Heritage in Modern Play, Part 6

Heritage in Modern Play, Part 6

| 13 | Middlegame

In chess, like in life, there are common beliefs that are not necessarily true or based on solid evidence but nevertheless survive the passage of time and continue to be widely accepted as true. Growing up in a "chess country" like Ukraine, I heard many chess dogmas from older chess players, and one of the rules that I could not understand well at the time was that a knight is badly placed on b3 or, for Black, b6. It makes sense why a knight is badly placed on a3 because that is the edge of the board, but on b3, and why not b4 for example?

I guess that the way openings are played, a knight almost never ends up on b4, as compared to b3. Now that I come to think of it, probably this belief has some ground to it. The knight on b3 can be easily limited by the opponent by moving his pawn to b6, when both the a5- and c5-squares are no longer available. A similar thing can happen to the knight on c3 if Black pushes a pawn to c6, however then White has the extra option Na4-c5, which he doesn't have if the knight is on b3.

Today's topic is the rook pawn push to chase away the knight from its position on b3/b6 or g3/g6. Usually the following rules apply:

  1. First, the side who plays against the knight limits its maneuverability by pushing the pawn three squares away from it. For example, it would be a b6-push if the knight was on b3.
  2. Chasing away the knight with a rook pawn is often a good idea when the knight is controlling important squares. For instance, a knight is on g6 might control important squares on an open file e-file.
  3. Generally, g3-h4-Kg2 structures are great for endgames, hence White tries to achieve this structure and if the h5-push is advantageous then it will always be in the air.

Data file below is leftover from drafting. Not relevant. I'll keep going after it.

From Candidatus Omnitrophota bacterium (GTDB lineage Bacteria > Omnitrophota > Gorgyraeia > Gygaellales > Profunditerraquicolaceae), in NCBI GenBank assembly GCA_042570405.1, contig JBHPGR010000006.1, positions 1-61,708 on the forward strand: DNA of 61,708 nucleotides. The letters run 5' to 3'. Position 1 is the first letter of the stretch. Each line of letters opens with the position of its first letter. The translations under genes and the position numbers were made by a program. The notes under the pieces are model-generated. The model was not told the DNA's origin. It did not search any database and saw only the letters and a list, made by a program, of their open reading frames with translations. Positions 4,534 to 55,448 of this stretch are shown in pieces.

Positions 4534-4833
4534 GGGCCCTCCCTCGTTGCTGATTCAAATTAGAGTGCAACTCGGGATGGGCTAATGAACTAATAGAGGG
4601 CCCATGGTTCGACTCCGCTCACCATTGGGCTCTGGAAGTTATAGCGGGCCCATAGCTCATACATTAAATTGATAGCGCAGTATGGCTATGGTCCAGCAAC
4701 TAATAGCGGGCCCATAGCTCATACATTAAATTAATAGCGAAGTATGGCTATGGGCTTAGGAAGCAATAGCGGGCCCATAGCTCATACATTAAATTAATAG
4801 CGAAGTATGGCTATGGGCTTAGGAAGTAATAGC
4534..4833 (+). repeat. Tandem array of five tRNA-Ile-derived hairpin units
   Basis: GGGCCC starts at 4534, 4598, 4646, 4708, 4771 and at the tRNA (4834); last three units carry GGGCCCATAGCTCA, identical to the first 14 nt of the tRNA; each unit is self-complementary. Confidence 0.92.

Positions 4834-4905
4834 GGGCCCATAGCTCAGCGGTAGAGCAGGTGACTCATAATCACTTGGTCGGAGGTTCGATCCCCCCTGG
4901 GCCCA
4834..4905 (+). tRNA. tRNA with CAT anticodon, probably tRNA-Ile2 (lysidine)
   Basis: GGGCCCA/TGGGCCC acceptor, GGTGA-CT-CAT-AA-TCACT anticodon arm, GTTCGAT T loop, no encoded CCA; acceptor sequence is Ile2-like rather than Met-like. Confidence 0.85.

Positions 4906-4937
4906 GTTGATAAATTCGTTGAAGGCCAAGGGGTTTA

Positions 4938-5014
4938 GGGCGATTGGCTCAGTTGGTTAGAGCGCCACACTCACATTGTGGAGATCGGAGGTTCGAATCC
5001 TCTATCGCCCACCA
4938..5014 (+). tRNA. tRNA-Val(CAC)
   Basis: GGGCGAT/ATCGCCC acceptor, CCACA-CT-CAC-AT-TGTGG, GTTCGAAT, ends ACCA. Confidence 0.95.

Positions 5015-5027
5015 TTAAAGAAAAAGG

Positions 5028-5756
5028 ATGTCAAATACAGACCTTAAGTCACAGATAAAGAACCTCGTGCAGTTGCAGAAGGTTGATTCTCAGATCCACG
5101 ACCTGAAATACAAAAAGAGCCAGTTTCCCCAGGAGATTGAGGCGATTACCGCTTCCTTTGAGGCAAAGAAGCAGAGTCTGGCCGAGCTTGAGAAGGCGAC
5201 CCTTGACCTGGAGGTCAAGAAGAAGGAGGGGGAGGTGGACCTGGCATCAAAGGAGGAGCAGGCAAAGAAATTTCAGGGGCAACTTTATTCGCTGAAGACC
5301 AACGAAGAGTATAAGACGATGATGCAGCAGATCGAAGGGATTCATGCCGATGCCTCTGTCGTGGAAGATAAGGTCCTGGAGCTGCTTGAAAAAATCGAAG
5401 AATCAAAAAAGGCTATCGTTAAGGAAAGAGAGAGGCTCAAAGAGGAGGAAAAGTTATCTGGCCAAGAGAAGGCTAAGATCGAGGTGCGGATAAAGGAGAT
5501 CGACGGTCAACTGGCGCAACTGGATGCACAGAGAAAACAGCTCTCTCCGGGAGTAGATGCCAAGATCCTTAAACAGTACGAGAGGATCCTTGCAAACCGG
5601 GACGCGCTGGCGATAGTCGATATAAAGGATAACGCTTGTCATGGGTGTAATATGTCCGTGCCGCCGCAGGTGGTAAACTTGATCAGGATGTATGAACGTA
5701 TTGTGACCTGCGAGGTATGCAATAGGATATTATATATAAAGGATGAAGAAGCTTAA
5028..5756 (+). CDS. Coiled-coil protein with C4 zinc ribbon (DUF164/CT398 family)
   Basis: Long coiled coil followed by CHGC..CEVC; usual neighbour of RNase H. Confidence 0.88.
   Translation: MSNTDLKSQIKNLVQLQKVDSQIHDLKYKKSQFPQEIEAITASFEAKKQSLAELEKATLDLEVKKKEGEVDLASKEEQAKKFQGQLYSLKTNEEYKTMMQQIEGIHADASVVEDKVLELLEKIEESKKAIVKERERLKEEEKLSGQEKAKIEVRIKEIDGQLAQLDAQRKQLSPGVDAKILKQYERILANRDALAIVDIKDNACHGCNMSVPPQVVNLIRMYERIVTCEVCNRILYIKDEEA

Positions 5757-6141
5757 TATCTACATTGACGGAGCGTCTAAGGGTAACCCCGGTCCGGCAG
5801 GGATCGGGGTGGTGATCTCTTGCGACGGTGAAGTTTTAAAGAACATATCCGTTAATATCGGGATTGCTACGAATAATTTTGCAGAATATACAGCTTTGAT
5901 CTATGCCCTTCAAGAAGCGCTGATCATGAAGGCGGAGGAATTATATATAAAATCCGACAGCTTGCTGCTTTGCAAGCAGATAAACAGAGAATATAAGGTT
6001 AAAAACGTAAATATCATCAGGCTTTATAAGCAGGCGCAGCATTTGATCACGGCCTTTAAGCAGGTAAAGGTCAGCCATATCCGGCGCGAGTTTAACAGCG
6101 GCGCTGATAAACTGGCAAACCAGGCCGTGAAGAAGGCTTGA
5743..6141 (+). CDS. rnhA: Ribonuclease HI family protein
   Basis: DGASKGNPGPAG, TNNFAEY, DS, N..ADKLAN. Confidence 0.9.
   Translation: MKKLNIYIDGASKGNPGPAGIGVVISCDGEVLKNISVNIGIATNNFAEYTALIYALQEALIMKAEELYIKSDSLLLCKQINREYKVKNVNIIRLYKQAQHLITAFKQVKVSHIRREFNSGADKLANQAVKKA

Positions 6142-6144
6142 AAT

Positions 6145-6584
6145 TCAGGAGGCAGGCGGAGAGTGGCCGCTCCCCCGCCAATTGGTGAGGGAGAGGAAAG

4. If the pawn push leaves the knight on the eighth rank immobile, then White can proceed to break through on the opposite flank (see Shirov-Anand below).

As always, we will start from the classics and later see several examples from modern play. The first example is clean-cut and follows a line of strategy that is easy to follow. Botvinnik, who plays the white pieces, has a solid advantage as his pawn structure is better and he has control of the only open file. However, the two important squares that he can use to regroup his pieces or claim even more territory are under control of Ng6. Hence, to improve his position even further he chases away the knight, exchanges pieces what favors him and wins with an active rook on the seventh rank.

The following example is straightforward as well. Botvinnik's position is close to winning; besides having all the advantages as in the previous example, he is also up a pawn. There are many ways of winning this position but he chooses the method we already know from the previous game: pawn advance.

In the following example from another great classic, Smyslov uses the same pawn push but for different reasons. Besides controlling the e5-square the knight on g6 is useless. Smyslov's main advantage is control of the c-file. However, his pawn structure is inferior due to the isolated d-pawn. Because the game is heading to an endgame this can become an important consideratio

Vassily Smyslov | Image Wikipedia

For now, Smyslov decides to improve his position and the h4-push does exactly that. Black should have exchanged a pair of rooks to weaken White's pressure on the c-file. Instead, he decided to improve his pawn structure on the kingside with h5-g6 pawn pushes that ended up weakening his king. This allowed White to create a strong attack.

In another Smyslov game, the h4-h5 push happens in the endgame, where the only purpose of the knight on g6 is the defense of the e-pawn.

Now let us look at two positions from modern practice. Anand, in the following example, restricts Nb3 with a b6-push and is preparing an invasion on the c-file. White did manage to hold on and to build a defensive set-up at the price of the knight being excluded from play on a1. Anand proceeded to break through on the kingside, where he had more pieces.

I have a memorable example from my play from the past World Open. In the position below I considered two options, Nb6 or Nc5, each one having plusses and minuses. Nc5 attacks the e4-pawn and the knight is very actively placed there. On the other hand, Nb6 encourages White to trade bishops. Which one to choose? Had I seen the b3 rebuttal from White, I would have played Nc5 without thinking much, as after the b3-move my knight was doomed to remain passive.

Next week we will continue with the series on heritage in modern play.


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